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ERISA Lawsuit against the University of Miami Cites Excessive Fees

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Miami, FL  On April 5, the four named plaintiffs in Santiago v. University of Miami asked the Southern District of Florida to certify a class of roughly 16,000 beneficiaries of and participants in the University of Miami Savings Plan. Their ERISA lawsuit alleges that the University breached its duties of loyalty and prudence by permitting the Plan to incur unreasonable and excessive administrative fees by failing to engage in an appropriate process designed to evaluate and monitor administrative expenses.

As recommended by the Magistrate Judge, the Southern District of Florida had previously dismissed two of the original three counts. One count claimed that the fundamental failure caused the named plaintiffs to pay excessive fees; the other that the fiduciaries selected and retained underperforming investment options. If they are certified as representatives of the class, however, the named plaintiffs will argue that they have standing to bring these additional claims on behalf of the entire proposed class.

Failure to control recordkeeping costs


The University offers a defined-contribution retirement plan to its employees under Section 403(b) of ERISA. The Plan is the primary source of retirement income for many of the eligible employees who choose to participate. The Plan, itself, functions very like a 401k plan. The University chooses a menu of investment options among which the participants direct their own contributions.
The University controls management of the Plan, including the hiring of third-party recordkeepers, but the cost of these services is passed on to the participants. Fiduciaries typically try to control costs by:
  • soliciting competitive bids at regular intervals;
  • negotiating recordkeeping fees based on a fixed dollar amount per participant;
  • monitoring revenue sharing arrangements; and
  • requiring rebates of excessive revenue sharing compensation to the plan.
The four named plaintiffs, Augustino Santiago, Lilly Leyva, Guillermo Creamer, and Maria Aceituno, are Plan participants. They allege that the fiduciaries failed to have such a process in place. Further, they claim that the Plan had as many as six recordkeepers, which led to duplicate services and fees.

ERISA duties of loyalty and prudence


ERISA imposes twin duties of prudence and loyalty on retirement plan fiduciaries. The duty of loyalty requires fiduciaries to act solely in the interest of the participants and beneficiaries for the exclusive purposes of providing benefits to participants and their beneficiaries and defraying reasonable expenses of administering the plan. It prohibits trustees from engaging in transactions that involve self-dealing or that otherwise involve or give rise to conflict between the fiduciary duties and personal interests. 

The duty of prudence mandates that a pension plan fiduciary act with the care, skill, prudence, and diligence under the circumstances then prevailing that a prudent person acting in a like capacity and familiar with such matters would use in the conduct of an enterprise of a like character and with like aims. Individual trustees must use appropriate methods to investigate the merits of the investment and to structure the investment. The standard is an objective one, and the fiduciary's own lack of experience or good faith efforts do not excuse a failure to act with act with the necessary care, skill, prudence, and diligence.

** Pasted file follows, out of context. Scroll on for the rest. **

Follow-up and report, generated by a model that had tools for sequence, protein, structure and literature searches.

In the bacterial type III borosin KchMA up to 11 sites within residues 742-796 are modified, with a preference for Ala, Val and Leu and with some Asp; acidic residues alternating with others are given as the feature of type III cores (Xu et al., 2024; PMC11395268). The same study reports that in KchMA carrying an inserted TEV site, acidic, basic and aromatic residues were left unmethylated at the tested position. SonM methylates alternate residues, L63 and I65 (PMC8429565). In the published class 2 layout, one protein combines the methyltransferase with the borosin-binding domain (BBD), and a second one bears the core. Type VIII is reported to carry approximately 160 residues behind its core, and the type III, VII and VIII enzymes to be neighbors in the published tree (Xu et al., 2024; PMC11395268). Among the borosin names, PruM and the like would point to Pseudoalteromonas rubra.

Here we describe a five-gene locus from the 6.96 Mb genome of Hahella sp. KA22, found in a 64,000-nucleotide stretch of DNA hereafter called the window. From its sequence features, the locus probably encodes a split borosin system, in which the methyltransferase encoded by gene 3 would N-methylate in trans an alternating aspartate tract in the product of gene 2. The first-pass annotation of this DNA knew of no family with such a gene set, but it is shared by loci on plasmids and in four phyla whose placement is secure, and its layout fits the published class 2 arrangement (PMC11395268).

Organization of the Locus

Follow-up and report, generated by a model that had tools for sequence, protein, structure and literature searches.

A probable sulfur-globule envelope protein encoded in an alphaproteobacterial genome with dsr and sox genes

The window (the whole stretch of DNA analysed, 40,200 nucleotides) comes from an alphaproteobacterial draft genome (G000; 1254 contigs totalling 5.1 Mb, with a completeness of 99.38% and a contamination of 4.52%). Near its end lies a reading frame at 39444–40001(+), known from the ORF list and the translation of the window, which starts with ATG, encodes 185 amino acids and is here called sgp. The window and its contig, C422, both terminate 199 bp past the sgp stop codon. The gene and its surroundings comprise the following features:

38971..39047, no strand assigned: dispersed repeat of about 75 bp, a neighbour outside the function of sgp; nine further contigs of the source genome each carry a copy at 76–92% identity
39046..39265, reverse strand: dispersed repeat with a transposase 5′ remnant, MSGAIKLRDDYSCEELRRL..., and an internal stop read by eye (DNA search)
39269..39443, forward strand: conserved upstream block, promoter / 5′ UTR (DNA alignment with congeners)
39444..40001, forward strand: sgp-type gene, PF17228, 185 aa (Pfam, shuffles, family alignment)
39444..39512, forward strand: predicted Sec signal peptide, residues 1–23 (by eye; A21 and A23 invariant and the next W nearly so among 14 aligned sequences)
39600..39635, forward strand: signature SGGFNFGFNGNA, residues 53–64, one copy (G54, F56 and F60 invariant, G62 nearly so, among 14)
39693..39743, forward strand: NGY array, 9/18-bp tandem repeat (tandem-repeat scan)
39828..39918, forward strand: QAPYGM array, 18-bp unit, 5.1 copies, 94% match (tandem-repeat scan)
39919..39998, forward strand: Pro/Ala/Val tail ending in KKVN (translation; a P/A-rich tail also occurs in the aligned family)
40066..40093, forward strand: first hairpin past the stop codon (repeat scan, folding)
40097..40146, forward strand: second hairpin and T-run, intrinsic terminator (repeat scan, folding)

Class action status


In order to proceed as a class action ERISA lawsuit, the named plaintiffs would have to satisfy the Southern District of Florida, that:
  • the number of individual plaintiffs involved is so great that joining them all in one lawsuit is impracticable (numerosity);
  • the claims of all involve common questions of law and fact (commonality);
  • each member of the class has the same interests or has suffered the same injury (typicality); and
  • the named plaintiffs can adequately represent the interests of the class (adequacy).
Courts also evaluate the risk of inconsistent decisions should cases be pursued individually and whether proceeding in a class action lawsuit is an efficient way to use judicial resources. General commentary around Santiago acknowledges that the numerosity requirement has been met. The remaining three may be the source of further argument.

ERISA lawsuits against university retirement plans


This ERISA lawsuit tracks arguments familiar from many retirement plan lawsuits filed against universities. The original Complaint freely acknowledges its similarity to Clark v. Duke University, which ultimately settled for $10,650,000. 

Between 2016 and 2020, approximately  20 universities were reportedly sued over fees and the menu of investment options offered. MIT settled for $18.1 million; Vanderbilt for $14.5 million; Johns Hopkins $14 million; and the University of Pennsylvania for $13 million.

On the other hand, NYU defeated a similar lawsuit. Others, like an ERISA lawsuit against Washington University, have dragged on for years.

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